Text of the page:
Act FAST: What To Look For In A Stroke
A stroke is a sudden interruption of the blood supply to the brain. The most common cause of stroke is a blockage of the arteries running to the brain. This type of stroke is called an ischemic stroke. Another form of stroke is a hemorrhagic stroke, which is caused when a blood vessel bursts and bleeds into the brain.
Each year, more than 795,000 people in the U.S. suffer from a stroke. Stroke is a major cause of long-term disability. It reduces mobility in more than 50%of stroke survivors over the age of 65. FAST is an acronym to help people remember the early warning signs of a stroke. Each letter of the word stands for a sign of stroke.
When a stroke victim smiles, one side of the face droops down.
When a person who has had a stroke raises their arms, one drifts downward.
The speech will be slurred in a person who has had a stroke.
Time is of the essence and once these signs are visible 911 should be called immediately.
Stroke after FAST
Rehabilitation should begin as soon as possible after a stroke. It has a number of different aspects including regaining motor skills using strengthening and coordinating exercises, speech therapy, mobility training with walking aids, range of motion therapy to help regain range of motion and reduce spasticity and psychological therapy. Another rehabilitation technique is the use of functional electrical stimulation to help with relearning to use weakened muscles.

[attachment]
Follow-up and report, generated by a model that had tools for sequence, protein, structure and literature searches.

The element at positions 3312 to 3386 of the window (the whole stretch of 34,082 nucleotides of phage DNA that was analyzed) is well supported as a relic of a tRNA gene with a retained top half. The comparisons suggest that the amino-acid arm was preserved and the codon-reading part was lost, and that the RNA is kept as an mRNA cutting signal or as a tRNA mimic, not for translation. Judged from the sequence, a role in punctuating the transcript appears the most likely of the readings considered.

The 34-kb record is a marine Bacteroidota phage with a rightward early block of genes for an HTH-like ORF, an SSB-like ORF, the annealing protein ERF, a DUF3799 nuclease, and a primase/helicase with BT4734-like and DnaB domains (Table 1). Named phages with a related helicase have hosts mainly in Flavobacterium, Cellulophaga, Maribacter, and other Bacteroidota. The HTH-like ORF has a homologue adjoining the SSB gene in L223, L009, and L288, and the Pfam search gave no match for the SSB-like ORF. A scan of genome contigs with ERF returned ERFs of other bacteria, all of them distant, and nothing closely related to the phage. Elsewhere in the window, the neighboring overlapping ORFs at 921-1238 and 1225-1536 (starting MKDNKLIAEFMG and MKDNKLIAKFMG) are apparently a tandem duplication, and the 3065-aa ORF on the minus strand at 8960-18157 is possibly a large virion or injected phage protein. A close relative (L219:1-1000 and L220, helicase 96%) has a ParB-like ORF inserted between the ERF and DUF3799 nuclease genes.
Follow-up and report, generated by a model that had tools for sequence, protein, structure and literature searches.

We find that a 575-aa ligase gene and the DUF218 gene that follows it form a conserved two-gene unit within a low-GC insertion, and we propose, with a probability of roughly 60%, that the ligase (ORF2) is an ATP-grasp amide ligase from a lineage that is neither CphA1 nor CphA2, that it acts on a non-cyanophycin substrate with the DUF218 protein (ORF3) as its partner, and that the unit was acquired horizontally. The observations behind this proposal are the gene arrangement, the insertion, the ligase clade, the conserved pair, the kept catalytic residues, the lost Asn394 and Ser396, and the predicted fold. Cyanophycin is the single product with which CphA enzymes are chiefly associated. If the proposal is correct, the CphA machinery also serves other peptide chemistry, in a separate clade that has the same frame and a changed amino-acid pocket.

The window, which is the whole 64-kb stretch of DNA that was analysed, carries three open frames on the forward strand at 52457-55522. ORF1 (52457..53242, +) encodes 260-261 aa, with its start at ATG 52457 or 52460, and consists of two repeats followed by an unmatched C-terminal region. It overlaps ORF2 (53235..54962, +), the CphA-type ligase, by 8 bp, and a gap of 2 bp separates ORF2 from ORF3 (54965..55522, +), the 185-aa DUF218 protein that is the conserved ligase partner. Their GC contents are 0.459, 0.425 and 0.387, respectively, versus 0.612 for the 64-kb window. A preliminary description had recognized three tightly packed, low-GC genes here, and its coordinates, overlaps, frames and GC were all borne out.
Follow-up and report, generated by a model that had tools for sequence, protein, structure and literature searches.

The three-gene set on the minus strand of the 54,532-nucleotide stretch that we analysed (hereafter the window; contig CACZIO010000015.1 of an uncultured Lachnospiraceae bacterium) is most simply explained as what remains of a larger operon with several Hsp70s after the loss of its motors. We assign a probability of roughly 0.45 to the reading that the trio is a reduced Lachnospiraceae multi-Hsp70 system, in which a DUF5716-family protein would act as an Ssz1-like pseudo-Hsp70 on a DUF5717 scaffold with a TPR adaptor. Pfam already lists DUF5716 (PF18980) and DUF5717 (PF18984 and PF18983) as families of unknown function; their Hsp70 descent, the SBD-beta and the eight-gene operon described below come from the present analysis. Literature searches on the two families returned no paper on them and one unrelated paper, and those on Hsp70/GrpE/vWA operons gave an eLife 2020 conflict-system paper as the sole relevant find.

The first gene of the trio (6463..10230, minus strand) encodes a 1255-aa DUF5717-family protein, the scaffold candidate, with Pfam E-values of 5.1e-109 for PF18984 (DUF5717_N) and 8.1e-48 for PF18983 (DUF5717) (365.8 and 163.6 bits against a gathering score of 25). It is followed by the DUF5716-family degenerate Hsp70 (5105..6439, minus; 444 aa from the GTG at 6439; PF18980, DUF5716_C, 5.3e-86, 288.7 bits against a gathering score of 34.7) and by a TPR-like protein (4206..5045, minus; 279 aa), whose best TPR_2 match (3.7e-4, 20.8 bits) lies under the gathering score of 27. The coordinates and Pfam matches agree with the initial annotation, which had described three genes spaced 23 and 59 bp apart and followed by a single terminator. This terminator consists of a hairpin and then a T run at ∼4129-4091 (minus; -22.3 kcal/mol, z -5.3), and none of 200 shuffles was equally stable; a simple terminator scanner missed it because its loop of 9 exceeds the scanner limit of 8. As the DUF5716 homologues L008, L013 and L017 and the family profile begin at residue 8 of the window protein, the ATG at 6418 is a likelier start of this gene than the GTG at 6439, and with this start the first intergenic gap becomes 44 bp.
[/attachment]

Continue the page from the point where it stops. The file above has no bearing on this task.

How electrical stimulation works
Electrical stimulation can help to strengthen the muscles and increase the flow of blood to tissues. Because it causes the muscles to contract it can provide a form of passive stretching over a long period of time; this helps to strengthen the muscle and also increase the range of movement. Electrical stimulation can also help to stimulate spastic muscles. It also has a relaxing and strengthening effect. Another important application of electrical stimulation is for the re-education of muscle movement.
When mild electrical stimulation is applied to muscle tissue, it produces a range of sensations including direct sensations from the muscle, joints, and tendons, stimulation of motor neurons and neural activity in the brain’s cortex. The stimulation will make it easier for the patient to produce a voluntary contraction of the muscle along with the electrical pulse. Over time, this form of therapy can help a patient to strengthen muscles.
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